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B&W Victorian Era Portraits Are Brought Back to Life with Vibrant Colors…

Chris The Story Reading Ape's Blog

By Emma Taggart on My Modern Met site:

Graphic artist and history buff Frédéric Duriez digitally colorizes vintage black and white photographs, breathing new life into their subjects. Duriez started colorizing war images three years ago, and today his work ranges from old mug-shots to actors and actresses, and most recently, ghost-like portraits from the Victorian era.

The incredible images depict glum-looking children, extravagantly dressed; a sullen young couple, adorned in frilly clothing; a pair of young women, their hair perfectly pinned back; and earnest men, posing proudly. Duriez explains he chose the images because he “was attracted by the beauty of the clothes and especially the dresses of this period.” He adds, “I was fascinated by these portraits without expression because all the looks are frozen in time.”

From monochrome hues, Duriez uses the open-source software GIMP to transform the portraits, presenting brightly colored clothing, blushed cheeks, and in…

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EDITING 101: 59 – Character Profiles…

Chris The Story Reading Ape's Blog

Originally posted as the Dun Writin’—Now Whut? series on this blog, EDITING 101 is a weekly refresher series for some of you and brand new for others.

Courtesy ofAdirondack Editing

Character Profiles

Whether you’re a plotter or a pantser (101:21), I’m almost 100% certain that at some point, you’ll have to keep track of your characters’ details. The plotter/pantser post also covered some practical ways that some authors make sure these details are fresh in their minds—or, at least, quickly available.

However, before you can list these precious tidbits of information, you have to either discover them (if your story leads you) or decide on them (if you lead your story). The obvious information is focused on physical appearance: eye color, hair color, stature, body shape, etc. But sometimes authors neglect to round out their profiles with other information that can play a critical part in your story. I’m talking about…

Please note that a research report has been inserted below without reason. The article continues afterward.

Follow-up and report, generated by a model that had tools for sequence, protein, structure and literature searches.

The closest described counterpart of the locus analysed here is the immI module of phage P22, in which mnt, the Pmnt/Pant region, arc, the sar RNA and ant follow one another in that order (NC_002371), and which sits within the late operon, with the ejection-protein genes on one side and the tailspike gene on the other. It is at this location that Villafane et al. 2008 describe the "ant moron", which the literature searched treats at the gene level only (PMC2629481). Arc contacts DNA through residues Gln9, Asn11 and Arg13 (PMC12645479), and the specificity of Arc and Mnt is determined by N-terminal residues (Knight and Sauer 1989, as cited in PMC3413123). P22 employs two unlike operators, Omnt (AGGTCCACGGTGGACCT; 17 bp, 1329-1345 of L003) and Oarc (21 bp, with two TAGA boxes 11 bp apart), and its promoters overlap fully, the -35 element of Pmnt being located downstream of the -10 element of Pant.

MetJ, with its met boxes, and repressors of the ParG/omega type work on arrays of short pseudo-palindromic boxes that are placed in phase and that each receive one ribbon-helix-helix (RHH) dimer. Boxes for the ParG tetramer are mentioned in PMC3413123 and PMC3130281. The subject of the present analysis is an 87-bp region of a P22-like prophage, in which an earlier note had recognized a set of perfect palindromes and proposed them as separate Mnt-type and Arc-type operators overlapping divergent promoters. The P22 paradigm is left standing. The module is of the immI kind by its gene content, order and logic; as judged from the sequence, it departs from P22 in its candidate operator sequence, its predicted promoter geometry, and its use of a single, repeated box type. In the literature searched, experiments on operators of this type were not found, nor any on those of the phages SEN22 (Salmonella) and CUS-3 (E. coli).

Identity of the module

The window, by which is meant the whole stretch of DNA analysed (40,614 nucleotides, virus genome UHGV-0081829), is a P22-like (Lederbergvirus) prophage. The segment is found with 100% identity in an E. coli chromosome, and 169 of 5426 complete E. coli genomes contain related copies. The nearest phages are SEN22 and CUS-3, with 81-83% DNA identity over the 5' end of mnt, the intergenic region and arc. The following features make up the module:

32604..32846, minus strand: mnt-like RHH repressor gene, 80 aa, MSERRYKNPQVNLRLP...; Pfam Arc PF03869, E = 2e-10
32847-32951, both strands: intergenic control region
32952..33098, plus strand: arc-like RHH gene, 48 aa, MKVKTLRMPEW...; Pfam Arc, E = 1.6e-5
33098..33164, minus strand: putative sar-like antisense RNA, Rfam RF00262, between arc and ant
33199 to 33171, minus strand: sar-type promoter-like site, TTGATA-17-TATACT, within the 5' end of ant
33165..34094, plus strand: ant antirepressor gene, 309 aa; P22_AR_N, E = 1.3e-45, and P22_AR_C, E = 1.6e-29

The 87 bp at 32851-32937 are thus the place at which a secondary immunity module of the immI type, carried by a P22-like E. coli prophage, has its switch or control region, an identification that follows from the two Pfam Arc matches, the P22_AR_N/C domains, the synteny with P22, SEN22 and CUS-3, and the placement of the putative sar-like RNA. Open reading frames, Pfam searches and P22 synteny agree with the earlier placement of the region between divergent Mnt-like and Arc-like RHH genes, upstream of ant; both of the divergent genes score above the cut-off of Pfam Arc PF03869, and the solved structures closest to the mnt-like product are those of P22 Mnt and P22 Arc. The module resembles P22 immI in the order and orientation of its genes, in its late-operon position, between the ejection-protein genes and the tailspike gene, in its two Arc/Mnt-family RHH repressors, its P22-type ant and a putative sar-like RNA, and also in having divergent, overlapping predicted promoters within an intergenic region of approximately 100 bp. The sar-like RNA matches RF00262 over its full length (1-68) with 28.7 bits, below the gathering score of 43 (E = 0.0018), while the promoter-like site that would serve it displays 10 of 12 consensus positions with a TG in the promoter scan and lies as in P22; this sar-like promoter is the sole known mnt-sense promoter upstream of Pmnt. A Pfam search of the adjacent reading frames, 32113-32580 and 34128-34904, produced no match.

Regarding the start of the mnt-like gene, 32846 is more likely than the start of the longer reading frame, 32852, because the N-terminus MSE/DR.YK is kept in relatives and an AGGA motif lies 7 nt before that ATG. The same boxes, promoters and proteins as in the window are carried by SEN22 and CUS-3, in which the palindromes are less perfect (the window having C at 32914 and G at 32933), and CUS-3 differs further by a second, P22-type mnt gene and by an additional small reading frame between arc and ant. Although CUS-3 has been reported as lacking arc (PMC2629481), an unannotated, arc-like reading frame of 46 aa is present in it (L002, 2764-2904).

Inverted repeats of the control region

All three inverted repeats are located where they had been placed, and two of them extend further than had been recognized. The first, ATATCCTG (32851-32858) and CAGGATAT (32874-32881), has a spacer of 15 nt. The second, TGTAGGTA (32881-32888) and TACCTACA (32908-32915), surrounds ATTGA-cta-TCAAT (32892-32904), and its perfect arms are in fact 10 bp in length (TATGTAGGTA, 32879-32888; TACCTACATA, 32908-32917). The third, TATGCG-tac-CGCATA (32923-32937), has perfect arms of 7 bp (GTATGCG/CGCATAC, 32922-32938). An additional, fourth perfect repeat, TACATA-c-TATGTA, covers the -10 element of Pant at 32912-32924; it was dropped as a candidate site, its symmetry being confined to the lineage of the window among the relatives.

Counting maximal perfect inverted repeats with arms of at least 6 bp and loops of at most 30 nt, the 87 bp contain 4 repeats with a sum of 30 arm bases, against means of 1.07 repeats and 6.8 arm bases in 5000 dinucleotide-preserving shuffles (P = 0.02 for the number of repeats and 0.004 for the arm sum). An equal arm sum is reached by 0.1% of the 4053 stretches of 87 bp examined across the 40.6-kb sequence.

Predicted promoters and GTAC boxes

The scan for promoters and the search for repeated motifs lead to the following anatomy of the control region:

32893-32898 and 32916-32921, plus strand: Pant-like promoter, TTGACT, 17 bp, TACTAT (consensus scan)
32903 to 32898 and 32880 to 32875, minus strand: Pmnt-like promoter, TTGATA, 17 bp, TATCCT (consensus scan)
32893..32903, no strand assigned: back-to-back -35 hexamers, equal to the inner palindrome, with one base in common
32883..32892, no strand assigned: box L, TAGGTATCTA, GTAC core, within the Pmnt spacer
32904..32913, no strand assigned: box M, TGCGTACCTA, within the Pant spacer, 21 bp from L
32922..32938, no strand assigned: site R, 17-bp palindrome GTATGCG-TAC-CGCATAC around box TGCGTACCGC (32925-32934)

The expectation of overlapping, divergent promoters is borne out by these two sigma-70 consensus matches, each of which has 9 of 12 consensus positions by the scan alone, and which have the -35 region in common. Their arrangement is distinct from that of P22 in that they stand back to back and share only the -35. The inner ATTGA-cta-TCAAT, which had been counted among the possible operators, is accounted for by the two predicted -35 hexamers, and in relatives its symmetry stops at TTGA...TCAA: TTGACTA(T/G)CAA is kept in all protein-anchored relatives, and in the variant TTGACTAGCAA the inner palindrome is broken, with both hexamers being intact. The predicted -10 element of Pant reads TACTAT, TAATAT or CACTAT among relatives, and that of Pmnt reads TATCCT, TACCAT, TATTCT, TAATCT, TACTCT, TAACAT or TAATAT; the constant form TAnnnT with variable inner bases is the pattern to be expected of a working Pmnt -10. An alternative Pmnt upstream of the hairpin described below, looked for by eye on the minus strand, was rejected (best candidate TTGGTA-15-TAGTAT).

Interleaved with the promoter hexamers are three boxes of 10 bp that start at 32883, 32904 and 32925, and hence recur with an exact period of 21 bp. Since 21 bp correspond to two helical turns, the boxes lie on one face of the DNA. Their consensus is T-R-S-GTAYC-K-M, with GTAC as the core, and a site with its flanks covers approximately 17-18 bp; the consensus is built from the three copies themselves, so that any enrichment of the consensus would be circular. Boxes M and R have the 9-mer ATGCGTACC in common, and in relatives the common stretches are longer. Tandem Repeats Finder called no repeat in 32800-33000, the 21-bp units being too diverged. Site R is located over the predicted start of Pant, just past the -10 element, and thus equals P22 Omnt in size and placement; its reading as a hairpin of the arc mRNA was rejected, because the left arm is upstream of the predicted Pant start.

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EDITING 101: Now covers 50 topics to date…

Chris The Story Reading Ape's Blog

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FYI – Here’s a list of the first 50 free editing tips my good friend and Professional Book Editor Susan Uttendorfsky, the owner of Adirondack Editing, has presented so far.

Catch up with any articles you may have missed by scrolling through the list below and clicking those that are in Blue, Italic and Underlined.

Those still in black are not yet available, so stay tuned for the weekly updates.

EDITING 101: 01 – Introduction and ‘Redundancies’

EDITING 101: 02 – Description Depression

EDITING 101: 03 – THAT’s the Problem in Revising

EDITING 101: 04 – Character Name Consistency

EDITING 101: 05 – General Plurals

EDITING 101: 06 – He Said / She Said: Dialogue Tags

EDITING 101: 07 – Consecutive Versus Concurrent Action

EDITING 101: 08 – Using Song Lyrics in your Manuscript

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EDITING 101: 51 – Identifying Your Book’s Goal…

Chris The Story Reading Ape's Blog

Originally posted as the Dun Writin’—Now Whut? series on this blog, EDITING 101 is a weekly refresher series for some of you and brand new for others.

Courtesy ofAdirondack Editing

Identifying Your Book’s Goal

If you’ve written a book, what was the goal of the book?

If you’re not sure, you’re also not alone. A lot of writers don’t examine their goals in writing at all. They know they want to write, and perhaps they know exactly what they want to write—a memoir, a science-fiction series, a literary novel.

There are two types of goals, as I see it, in writing. One would be termed “writing goals”—setting goals in order to assist you with the actual put-your-butt-in-the-chair-and-write action. That will be the subject of a later article.

Today we’re going to discuss “book goals.” What was the idea or purpose behind writing your book? Marketing yourself or a business? Leaving a…

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Fun English Language Facts That All Writers Should Know

A Writer's Path

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by Laura Peters

As a writer, it’s all too easy to get bogged down with the boring bits of the English language, such as grammar rules and sentence structure. But it’s also important to remember that there is also a fun side to language! If you do your research, you’ll find that there are a lot of fun facts related to English. Here are some to get you started!

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